In terms of historic visits Ireland has known its fair share. Barack Obama made quite a stir in his ancestral home of Moneygall. Her Majesty Queen Elizabeth II giggled her way through the English Market in Cork, JFK kept it low key with a cup of tea in Wexford’s Kennedy homestead while Mr Regan had a pub named after him. Naturally.
The Vikings arrived unannounced, of course, while St Patrick made a rather dramatic return by sailing into Strangford Lough in County Down.
When it comes to arrivals in Ireland, however, few can match that of John Newton.
Who’s John Newton? On Donegal’s Inishowen Peninsula, he’s a household name.
Elvis Presley, Andrea Bocelli, Whitney Houston, Rod Stewart – the big voices take on the big songs and it doesn’t get any bigger than Amazing Grace. Along with Auld Lang Syne, Happy Birthday and Jingle Bells, this repentant ode to God and the power of change is a song that spans the globe. In it, a wretch seeks mercy – atonement.
John Newton wasn’t only the writer – he was the wretch.
According to any biography of John Newton’s early life, and according to Ruth-Garvey Williams of the Inishowen Amazing Grace initiative, he was a scoundrel:
“At 23, John Newton was a foul-mouthed sailor working in the slave trade. Newton had rejected Christianity and delighted in mocking and criticising people of faith.“
In fact, during his passage back to England from Africa in 1748, Newton was so unpopular with “his crew that the captain blamed him for the violent storm which so nearly claimed their lives”.
And while that storm off Donegal’s coast didn’t take John’s life, it did change it.
Any port in a storm
During the storm that almost took his and his fellow passengers lives, Newton felt utter and complete fear and turned to God for mercy. That mercy came in the shape of Lough Swilly, a mirror of a lake splitting the counties of Donegal and Derry-Londonderry. It was here in Inishowen that the boat was repaired and the crew housed.
Image: Adam Porter
For Ruth Garvey-Williams, Newton’s first thoughts on arriving into Swilly would have been relief. “The tension and fear of the weeks at sea,” she says, “washed away as the crew waded ashore.”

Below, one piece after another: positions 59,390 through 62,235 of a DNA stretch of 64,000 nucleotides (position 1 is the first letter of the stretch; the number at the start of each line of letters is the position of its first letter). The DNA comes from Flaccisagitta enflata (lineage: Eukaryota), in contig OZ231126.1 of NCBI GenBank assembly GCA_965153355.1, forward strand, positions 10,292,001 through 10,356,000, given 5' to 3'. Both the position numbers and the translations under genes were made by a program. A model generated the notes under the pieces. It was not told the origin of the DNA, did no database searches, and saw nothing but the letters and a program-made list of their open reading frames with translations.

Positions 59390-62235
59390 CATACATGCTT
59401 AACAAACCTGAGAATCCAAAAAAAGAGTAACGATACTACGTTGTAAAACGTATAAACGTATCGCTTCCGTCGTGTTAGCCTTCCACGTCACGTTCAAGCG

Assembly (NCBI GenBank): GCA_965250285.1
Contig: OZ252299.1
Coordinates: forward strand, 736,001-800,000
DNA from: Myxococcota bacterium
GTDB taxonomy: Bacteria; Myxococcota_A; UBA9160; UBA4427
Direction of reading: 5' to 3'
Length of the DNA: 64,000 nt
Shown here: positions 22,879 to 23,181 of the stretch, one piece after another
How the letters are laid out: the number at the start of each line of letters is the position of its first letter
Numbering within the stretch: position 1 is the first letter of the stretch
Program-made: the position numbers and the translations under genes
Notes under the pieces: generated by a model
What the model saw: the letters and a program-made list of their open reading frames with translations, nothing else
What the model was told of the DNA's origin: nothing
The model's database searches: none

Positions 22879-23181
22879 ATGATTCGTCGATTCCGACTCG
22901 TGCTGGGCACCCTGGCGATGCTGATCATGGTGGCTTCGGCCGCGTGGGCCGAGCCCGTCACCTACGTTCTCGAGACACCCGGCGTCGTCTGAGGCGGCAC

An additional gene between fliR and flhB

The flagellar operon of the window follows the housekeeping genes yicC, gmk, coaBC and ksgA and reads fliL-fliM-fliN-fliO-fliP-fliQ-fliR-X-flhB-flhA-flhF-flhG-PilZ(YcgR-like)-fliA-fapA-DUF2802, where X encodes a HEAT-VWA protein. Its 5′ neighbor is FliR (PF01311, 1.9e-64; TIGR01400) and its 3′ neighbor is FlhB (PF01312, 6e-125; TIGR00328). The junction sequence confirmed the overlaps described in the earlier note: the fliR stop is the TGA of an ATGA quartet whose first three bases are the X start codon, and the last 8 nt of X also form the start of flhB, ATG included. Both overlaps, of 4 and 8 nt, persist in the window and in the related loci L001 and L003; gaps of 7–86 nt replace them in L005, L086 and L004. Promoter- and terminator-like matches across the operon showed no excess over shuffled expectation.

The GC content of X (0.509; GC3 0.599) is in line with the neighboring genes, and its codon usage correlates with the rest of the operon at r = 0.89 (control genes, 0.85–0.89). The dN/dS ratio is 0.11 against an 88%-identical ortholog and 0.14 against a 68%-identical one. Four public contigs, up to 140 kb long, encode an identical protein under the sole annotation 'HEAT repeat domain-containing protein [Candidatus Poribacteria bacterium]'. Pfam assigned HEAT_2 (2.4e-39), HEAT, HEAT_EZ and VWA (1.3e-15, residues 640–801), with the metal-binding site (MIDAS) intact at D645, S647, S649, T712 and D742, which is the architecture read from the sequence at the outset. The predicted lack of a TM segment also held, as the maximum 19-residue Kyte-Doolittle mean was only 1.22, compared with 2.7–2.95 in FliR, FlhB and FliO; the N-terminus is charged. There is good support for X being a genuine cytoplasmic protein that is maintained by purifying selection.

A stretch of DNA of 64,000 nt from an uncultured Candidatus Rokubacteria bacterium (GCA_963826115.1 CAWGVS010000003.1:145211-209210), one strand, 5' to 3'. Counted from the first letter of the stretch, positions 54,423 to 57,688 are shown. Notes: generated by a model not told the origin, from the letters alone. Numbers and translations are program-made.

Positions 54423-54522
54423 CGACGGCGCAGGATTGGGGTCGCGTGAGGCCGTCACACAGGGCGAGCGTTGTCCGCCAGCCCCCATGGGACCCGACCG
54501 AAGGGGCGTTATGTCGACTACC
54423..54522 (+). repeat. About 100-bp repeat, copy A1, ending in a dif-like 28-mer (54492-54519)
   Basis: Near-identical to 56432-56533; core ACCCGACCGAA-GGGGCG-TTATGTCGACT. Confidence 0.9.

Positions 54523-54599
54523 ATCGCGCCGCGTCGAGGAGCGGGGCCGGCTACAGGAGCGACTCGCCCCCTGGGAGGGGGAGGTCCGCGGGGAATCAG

Happily, that sense of Swilly calm is not confined to the mid-18th Century.
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Calm after the storm
“I often feel that same sense of peace and "refuge" when I walk along the banks of the lough and gaze out across the water or listen to the waves gently lapping at the shore,” Ruth tells us. “No matter how busy I've been, a few moments by Lough Swilly are like taking a deep breath!”
But Newton and crew wouldn’t have only been pleased with the surroundings. The care and attention they received at the hands of the locals was something unique. In the intervening years that warmth has not dimmed.
“During this year's Amazing Grace Festival, visitors were blown away by the warmth of the welcome they received in Buncrana. Locals are passionate about the area and go out of their way to show people the rich natural beauty and cultural heritage.”
Image: Adam Porter
Welcome to Inishowen
Whether is was Lough Swilly, Inishowen or his salvation from the storm, Newton was a new man. From this point on he renounced his work in the slave trade, became a friend and political ally of the abolitionist William Wilberforce and of course, penned Amazing Grace.
So the next time you sing Amazing Grace, spare a thought for John Newton and remember that neither he, nor the song, would be here without the calm of Lough Swilly and the Inishowen Peninsula.
Now that’s a sweet sound.